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Xfce-Based Xubuntu Will Not Ship XMir For 13.10

Desktop

Published on 22 August 2013 06:03 PM EDT
Written by Michael Larabel in Desktop
21 Comments

The Xubuntu team, the derivative of Ubuntu Linux focused around shipping the Xfce desktop environment, has decided against using XMir for their 13.10 release after extensive testing.

The Xubuntu team had been contemplating using XMir for their Xfce Ubuntu distribution with the 13.10 October release, up to and including putting out XMir Xubuntu development images. However, after collecting extensive feedback from those comparing XMir to a pure X.Org Server, they have decided to not yet adopt any Mir technologies.

Xubuntu 13.10 would have been using XMir as the X11 transition layer to running a rootless X.Org Server on Mir since the Xfce desktop is written in GTK2 (and being ported to GTK3 for Xfce 4.11 and future updates), which doesn't yet have a native Mir back-end and other changes for supporting Mir. As testing has revealed, there's a big performance penalty to using XMir at this time.

At today's Xubuntu meeting, they decided to not use XMir for Xubuntu 13.10 as shown by the meeting minutes. They also rejected the notion of waiting until the Ubuntu 13.10 feature freeze to decide on the Mir/XMir state after the remaining features have been added. As a result, Xubuntu 13.10 will be running a straight-up X.Org Server.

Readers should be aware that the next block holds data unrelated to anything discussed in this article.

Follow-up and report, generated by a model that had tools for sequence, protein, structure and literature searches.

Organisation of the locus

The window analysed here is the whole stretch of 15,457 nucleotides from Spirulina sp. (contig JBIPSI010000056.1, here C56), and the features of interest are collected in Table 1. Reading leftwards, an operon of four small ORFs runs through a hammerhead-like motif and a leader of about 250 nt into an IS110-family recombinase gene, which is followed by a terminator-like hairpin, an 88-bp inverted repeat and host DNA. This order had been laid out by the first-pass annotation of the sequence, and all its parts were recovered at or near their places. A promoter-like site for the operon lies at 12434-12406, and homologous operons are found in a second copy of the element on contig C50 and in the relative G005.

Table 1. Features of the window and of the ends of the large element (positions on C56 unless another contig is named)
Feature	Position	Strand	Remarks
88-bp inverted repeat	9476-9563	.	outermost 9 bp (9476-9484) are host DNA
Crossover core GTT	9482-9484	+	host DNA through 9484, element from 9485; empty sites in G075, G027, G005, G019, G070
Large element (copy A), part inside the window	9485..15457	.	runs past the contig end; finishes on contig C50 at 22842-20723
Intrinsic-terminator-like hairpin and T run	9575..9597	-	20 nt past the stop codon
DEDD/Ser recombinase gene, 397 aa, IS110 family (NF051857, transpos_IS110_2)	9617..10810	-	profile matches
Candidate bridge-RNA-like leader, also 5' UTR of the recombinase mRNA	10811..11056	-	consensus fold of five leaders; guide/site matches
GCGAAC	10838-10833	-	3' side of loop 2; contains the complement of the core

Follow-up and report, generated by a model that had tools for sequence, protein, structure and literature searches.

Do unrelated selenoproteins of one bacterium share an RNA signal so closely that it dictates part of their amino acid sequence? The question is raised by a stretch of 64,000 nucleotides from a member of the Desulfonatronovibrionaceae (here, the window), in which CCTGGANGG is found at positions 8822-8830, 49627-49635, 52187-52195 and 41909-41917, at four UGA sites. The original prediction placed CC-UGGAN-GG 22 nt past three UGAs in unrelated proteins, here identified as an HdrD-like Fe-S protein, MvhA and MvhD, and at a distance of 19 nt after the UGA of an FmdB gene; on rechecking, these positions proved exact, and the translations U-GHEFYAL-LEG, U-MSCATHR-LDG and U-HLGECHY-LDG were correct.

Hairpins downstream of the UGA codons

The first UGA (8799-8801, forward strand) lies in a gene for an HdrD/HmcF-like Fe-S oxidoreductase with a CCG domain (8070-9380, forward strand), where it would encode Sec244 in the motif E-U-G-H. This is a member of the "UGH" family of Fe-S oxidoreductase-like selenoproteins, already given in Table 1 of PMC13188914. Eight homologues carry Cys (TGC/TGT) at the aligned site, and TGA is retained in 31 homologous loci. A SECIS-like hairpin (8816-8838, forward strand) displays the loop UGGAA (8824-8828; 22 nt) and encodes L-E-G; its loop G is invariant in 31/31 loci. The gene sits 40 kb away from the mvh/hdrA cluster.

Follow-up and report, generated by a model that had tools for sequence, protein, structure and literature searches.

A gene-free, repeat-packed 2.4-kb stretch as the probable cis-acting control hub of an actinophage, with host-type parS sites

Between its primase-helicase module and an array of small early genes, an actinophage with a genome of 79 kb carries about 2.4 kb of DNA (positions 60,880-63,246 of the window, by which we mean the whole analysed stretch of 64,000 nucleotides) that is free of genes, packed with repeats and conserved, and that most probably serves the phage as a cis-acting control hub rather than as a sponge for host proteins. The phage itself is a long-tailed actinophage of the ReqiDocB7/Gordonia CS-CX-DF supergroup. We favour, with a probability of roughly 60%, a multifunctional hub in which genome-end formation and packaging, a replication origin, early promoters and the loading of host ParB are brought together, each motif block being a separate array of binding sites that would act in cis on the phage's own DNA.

More good news from this Xubuntu meeting is that they agreed to cherry-pick Xfce 4.11's xfce4-settings and xfdesktop improvements into Xubuntu 13.10. Xfce 4.11 was supposed to be released earlier in the year but it has yet to happen. However, Xubuntu developers will be trying to pull in some of this new code into Xubuntu 13.10 for the benefit of end-users.

About The Author
Michael Larabel is the principal author of Phoronix.com and founded the web-site in 2004 with a focus on enriching the Linux hardware experience and being the largest web-site devoted to Linux hardware reviews, particularly for products relevant to Linux gamers and enthusiasts but also commonly reviewing servers/workstations and embedded Linux devices. Michael has written more than 10,000 articles covering the state of Linux hardware support, Linux performance, graphics hardware drivers, and other topics. Michael is also the lead developer of the Phoronix Test Suite, Phoromatic, and OpenBenchmarking.org automated testing software. He can be followed via and or contacted via .
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